Does Oxen encourage government attack?

Oxen makes privacy tools (Lokinet and Session) whose onion routing-based anonymity depends on the decentralization of the underlying Oxen Service Node network. In other words, the best path to deanonymizing the network is to take over a large proportion of the network. This is largely just the nature of onion routing, and Oxen argues that its approach does a better job of defending against this inherent weakness than, e.g., Tor where there is a very low barrier-to-entry for running a node.

For the most part, I think these tools might be attractive targets for government attack simply because they empower people with privacy and anonymity. I think these will be especially attractive targets if they become very popular and/or if they are known to be used for purposes that those governments are trying to combat. (These could be bad purposes like spreading child sexual abuse material, or good purposes like sharing subversive speech against a repressive government.) Obviously, I support privacy tools like these; I just find it suspicious that such an attack (a bad thing) would apparently be profitable by design.

I do want to look at Session, which has made a choice I find particularly suspect.

Session was made a more valuable target

Since Session does not have a traditional client-server model, it's non-trivial to capture a given user's messages. Let's look at how to do this.

To ensure deliverability, Session messages are temporarily stored on swarms of (usually 5-7) Oxen Service Nodes. Service Nodes do not choose in which swarms to participate, so an attacker who wants to participate in a given swarm (to access a given user's messages) must run a very large number of nodes, enough to be a participant in most or all swarms. This is to say, they must perform a Sybil attack.

But would an attacker be incentivized to do this costly attack?

Forward secrecy is a property that makes capturing and storing encrypted messages less valuable to an attacker. Without forward secrecy, an attacker who compromises a user's private key can go back and decrypt all past messages sent to that user. Forward secrecy regularly changes the encryption key to prevent this. In other words, launching a Sybil attack to capture Session users' messages would be more worthwhile if Session did not have forward secrecy and less worthwhile if Session did have forward secrecy.

Session originally used the Signal Protocol, which provides forward secrecy (as well as a similar "self-healing" property which also makes passively capturing and storing messages less worthwhile). However, in December 2020, the Session team announced that Session would be moving instead to its own Session Protocol, which provides neither forward secrecy nor self-healing. (They also added non-repudiable signatures.)

The stated motivation is that the new protocol is simpler and works better with Session's decentralized model (and, Session argues, those security properties aren't really that useful anyway), but I think it's significant that the Session team intentionally weakened the security properties of Session in a way that makes it a more valuable target for a Sybil attacker.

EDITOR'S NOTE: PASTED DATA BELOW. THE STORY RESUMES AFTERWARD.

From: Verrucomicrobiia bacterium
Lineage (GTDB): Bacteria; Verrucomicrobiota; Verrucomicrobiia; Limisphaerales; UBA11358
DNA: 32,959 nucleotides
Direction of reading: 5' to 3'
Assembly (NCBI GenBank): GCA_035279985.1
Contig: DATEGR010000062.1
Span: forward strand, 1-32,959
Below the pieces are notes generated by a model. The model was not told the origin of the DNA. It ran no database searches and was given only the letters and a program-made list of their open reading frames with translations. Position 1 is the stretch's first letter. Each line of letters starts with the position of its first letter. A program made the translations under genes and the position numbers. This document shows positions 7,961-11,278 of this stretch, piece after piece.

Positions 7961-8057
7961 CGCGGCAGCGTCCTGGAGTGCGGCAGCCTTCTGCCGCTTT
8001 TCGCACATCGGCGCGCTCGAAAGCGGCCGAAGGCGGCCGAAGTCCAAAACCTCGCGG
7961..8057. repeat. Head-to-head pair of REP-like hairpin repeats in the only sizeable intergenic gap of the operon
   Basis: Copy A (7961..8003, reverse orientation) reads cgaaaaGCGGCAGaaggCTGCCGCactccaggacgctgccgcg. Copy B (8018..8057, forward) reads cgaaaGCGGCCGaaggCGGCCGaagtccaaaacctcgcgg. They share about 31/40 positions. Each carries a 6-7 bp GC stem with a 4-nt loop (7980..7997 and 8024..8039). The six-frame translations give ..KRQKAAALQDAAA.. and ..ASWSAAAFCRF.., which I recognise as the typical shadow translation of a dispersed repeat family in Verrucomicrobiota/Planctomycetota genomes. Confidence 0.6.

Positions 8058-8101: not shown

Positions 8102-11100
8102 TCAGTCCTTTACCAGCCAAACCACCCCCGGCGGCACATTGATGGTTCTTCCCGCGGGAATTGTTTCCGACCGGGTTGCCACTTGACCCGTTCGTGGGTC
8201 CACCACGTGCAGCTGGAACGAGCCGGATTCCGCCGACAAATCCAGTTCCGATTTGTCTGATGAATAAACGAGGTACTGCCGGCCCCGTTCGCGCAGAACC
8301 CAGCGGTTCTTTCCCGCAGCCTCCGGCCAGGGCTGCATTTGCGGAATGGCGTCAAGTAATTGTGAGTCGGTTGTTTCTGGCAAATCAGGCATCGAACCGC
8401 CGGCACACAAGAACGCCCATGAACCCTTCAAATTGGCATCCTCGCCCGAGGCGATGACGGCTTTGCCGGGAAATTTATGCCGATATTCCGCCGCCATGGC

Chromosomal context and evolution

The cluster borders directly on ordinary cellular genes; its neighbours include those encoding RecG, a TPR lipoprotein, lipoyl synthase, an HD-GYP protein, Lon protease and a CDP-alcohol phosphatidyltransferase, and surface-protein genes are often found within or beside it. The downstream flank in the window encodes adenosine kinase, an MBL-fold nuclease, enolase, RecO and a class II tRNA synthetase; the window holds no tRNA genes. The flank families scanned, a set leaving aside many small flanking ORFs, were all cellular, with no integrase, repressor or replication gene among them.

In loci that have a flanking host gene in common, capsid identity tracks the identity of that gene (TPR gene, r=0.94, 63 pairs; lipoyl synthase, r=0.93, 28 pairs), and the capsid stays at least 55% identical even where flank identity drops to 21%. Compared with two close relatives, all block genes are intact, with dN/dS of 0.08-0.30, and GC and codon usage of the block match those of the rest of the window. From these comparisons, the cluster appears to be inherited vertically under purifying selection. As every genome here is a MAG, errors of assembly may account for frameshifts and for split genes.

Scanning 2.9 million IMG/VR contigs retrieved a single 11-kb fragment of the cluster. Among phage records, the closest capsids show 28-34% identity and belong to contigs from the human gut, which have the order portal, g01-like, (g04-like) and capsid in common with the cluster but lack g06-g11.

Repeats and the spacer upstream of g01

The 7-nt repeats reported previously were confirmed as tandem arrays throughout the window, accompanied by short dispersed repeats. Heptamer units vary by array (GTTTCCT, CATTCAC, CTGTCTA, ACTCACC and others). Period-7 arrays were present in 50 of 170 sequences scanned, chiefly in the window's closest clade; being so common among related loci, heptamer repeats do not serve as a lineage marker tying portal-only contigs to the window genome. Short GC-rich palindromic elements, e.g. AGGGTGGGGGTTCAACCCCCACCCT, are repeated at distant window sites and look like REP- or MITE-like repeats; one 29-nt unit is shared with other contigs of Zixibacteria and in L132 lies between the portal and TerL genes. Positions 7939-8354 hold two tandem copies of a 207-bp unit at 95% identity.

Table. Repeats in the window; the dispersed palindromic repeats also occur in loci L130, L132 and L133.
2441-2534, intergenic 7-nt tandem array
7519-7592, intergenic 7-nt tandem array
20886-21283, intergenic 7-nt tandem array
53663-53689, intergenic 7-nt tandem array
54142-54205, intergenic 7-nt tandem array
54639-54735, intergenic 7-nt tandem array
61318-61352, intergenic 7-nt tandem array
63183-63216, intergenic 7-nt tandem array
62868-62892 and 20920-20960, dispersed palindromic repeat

What does Oxen have to say?

I reached out to the Oxen team with these concerns. A member of the team replied and gave basically 2 arguments. (I was not given permission to publish the email itself, but I will summarize the points.)

The honest route is best

First, the best way for the team to get rich is to make apps that people believe in and want to use. They want lots of users, and if people think it's a honeypot, they won't use it.

This point makes sense, although I simply don't know what the cost-benefit analysis would look like, so I can't comment on whether I think the honest route would be more or less profitable.

Longevity of the project

Second, Oxen development has been going on for over 4 years and has achieved a lot, which is evidence that it's not a "get rich quick" scheme.

I've been following the development team for a while. They do a weekly dev update, which I follow. It definitely seems to me like they work hard on this project. (In fact, I complained in one of my videos about the software not feeling stable because they were doing too much work to change it!) They certainly have produced powerful, usable software in that time. I think this argument holds weight.


Ultimately, I'm asking a question about intentions, and we can't conclusively prove those one way or another. While I'm generally very anti-cryptocurrency, Oxen actually seems somewhat reasonable to me, and I would like to believe that the Oxen team has good intentions. Still, I think we should consider the possibility that they do not.

I think the design of Oxen creates misaligned incentives for the developers, and that this is cause for concern. I find the changes made to Session particularly suspicious. (I'm critical of these changes in general. I have been quite vocal about this in everything I've ever said about Session.)

On the other hand, I do think that the developers' hard work over the years speaks to their dedication to the project.

Ultimately, even with the best of intentions now, it's always possible that should a powerful adversary try to take over the network, the Oxen team will take it as an opportunity to simply sell their $OXEN and walk away.